Initially, it seems we're supposed to be aghast that she's not teaching them Wordsworth or Tennyson. That might well have been Wiseman's intention, but the scene exceeds it. Sure, it's a hokey attempt to make poetry hip, and the prospect of her having them break the song down into "setting" and "thematic words" to determine what Simon and Garfunkel "want to say about our lives" is eye-roll material, and probably all too familiar to anybody who's taken English classes in an American public high school in the last 5 decades.*
And yet the lyrics considered as poetry aren't all that bad, not outstandingly original by any means, but certainly possessing enough grist for a productive classroom discussion. Wiseman takes up the lyrics for his own purposes, to comment obliquely on the problems High School (1968) diagnoses. The many scenes where the faculty is too incompetent or mindlessly authoritarian to forge meaningful connections with the students are given an analogue in the the ennui and disconnection of the song's couple. Is the sum total of these students' experience in the public education system going to resemble that of an unfulfilling relationship, in which communication has degenerated to the level of such bourgeois banalities as "Is the theater really dead?" So we're still to some extent in the realm of critique. But when she starts up the tape recorder, the scene becomes, as do so many scenes in cinema that prominently feature a piece of pop music, about time. The most obvious cue is a closeup of a watch on a young man's arm, followed one cut later by the lyric "in syncopated time."**
But time is also brought to mind by the succession of closeups, each an indelible snapshot of human beings existing at a particular moment. Of course that could be said of many scenes in High School, but the combination of elements here--the tender, slightly cornball tone of the song, the biting melancholy of its lyrics, how the closeups thrum with present-tense aliveness (the handheld camerawork slightly unsteady, most of the students in repose but never quite entirely still)--casts us--casts me, anyway--into the sort of reverie a certain Marcel would wholly endorse.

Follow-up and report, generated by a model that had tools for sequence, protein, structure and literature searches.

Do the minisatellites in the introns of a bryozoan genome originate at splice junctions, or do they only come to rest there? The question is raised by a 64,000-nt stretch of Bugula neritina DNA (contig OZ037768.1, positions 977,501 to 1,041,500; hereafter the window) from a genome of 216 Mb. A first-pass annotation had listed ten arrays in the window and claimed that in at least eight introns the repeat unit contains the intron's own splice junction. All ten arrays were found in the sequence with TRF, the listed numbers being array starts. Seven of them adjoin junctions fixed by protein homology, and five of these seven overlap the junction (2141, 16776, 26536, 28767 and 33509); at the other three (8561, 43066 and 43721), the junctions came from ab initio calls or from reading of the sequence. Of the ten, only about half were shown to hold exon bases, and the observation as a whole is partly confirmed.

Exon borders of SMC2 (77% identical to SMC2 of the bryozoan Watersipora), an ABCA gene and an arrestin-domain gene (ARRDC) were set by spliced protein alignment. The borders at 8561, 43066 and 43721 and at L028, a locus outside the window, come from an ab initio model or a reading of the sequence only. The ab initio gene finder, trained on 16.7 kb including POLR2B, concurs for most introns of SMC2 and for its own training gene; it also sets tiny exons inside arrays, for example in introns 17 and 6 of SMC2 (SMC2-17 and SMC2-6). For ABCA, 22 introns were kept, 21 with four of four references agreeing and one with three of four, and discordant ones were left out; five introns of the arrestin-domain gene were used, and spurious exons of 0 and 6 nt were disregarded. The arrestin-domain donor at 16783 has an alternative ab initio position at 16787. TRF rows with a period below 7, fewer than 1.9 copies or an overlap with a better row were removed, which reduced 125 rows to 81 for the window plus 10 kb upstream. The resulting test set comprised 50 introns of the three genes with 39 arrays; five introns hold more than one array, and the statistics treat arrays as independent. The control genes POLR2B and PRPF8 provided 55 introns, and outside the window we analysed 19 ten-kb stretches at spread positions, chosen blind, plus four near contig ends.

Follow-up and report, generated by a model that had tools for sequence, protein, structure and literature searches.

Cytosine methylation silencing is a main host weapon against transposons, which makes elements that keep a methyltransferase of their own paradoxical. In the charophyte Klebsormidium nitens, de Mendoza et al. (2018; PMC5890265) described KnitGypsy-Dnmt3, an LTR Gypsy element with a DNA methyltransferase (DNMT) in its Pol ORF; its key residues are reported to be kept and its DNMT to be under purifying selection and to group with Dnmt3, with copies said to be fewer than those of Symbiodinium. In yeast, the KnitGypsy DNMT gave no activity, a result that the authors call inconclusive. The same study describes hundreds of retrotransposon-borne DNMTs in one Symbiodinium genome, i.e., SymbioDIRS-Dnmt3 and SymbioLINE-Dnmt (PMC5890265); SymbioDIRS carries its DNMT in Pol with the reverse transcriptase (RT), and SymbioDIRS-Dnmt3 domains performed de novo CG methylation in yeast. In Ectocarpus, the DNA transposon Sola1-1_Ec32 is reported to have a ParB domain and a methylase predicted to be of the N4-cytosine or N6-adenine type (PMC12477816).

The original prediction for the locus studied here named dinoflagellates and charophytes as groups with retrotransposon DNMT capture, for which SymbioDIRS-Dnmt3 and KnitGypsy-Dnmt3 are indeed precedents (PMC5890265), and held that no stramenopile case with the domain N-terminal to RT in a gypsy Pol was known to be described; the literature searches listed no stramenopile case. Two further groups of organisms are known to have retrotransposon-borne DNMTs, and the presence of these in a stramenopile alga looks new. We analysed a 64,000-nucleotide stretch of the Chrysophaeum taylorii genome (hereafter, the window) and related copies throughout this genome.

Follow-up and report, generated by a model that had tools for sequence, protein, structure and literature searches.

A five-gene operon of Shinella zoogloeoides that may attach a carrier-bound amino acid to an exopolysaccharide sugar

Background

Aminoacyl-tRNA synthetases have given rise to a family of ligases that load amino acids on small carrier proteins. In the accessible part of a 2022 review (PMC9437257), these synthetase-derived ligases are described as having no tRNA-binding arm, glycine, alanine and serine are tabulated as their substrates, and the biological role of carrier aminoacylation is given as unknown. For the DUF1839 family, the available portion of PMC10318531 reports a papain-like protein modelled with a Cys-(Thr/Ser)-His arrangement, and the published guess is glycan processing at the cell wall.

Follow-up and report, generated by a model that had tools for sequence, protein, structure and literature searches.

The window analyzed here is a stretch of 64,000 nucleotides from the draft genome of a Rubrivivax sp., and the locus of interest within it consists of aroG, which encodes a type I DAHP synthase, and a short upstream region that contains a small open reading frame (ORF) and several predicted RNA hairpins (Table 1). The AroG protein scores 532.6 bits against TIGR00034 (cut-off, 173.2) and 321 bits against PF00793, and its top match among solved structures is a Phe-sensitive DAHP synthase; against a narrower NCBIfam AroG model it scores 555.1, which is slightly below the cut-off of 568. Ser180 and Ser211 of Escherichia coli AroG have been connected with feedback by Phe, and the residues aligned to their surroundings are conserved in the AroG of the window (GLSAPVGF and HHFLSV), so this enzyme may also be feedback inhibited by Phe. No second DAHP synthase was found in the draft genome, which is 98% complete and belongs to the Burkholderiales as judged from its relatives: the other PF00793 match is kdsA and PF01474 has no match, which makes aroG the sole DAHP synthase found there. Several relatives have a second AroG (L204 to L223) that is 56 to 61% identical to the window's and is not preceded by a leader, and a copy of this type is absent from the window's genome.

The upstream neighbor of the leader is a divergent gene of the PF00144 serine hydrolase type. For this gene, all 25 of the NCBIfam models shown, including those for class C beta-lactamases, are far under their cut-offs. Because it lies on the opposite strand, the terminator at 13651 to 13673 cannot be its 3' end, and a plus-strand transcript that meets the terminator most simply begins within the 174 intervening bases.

And then, the song still going, we cut to a girl standing out in the empty hall: boredom, loneliness, dejection, abandonment. Or, alternately: that air of expectation that used to hang in spring gardens inhabited by nymphs and faeries, but is more often found today commingling with B.O. in the corridors of American high schools.
** Another resonance Wiseman plays with: the preceding lyrics "Like a poem poorly written / We are verses out of rhythm / Couplets out of rhyme" are not at all an inaccurate description of what it feels like to be your average sexually-hypertrophic adolescent spazoid.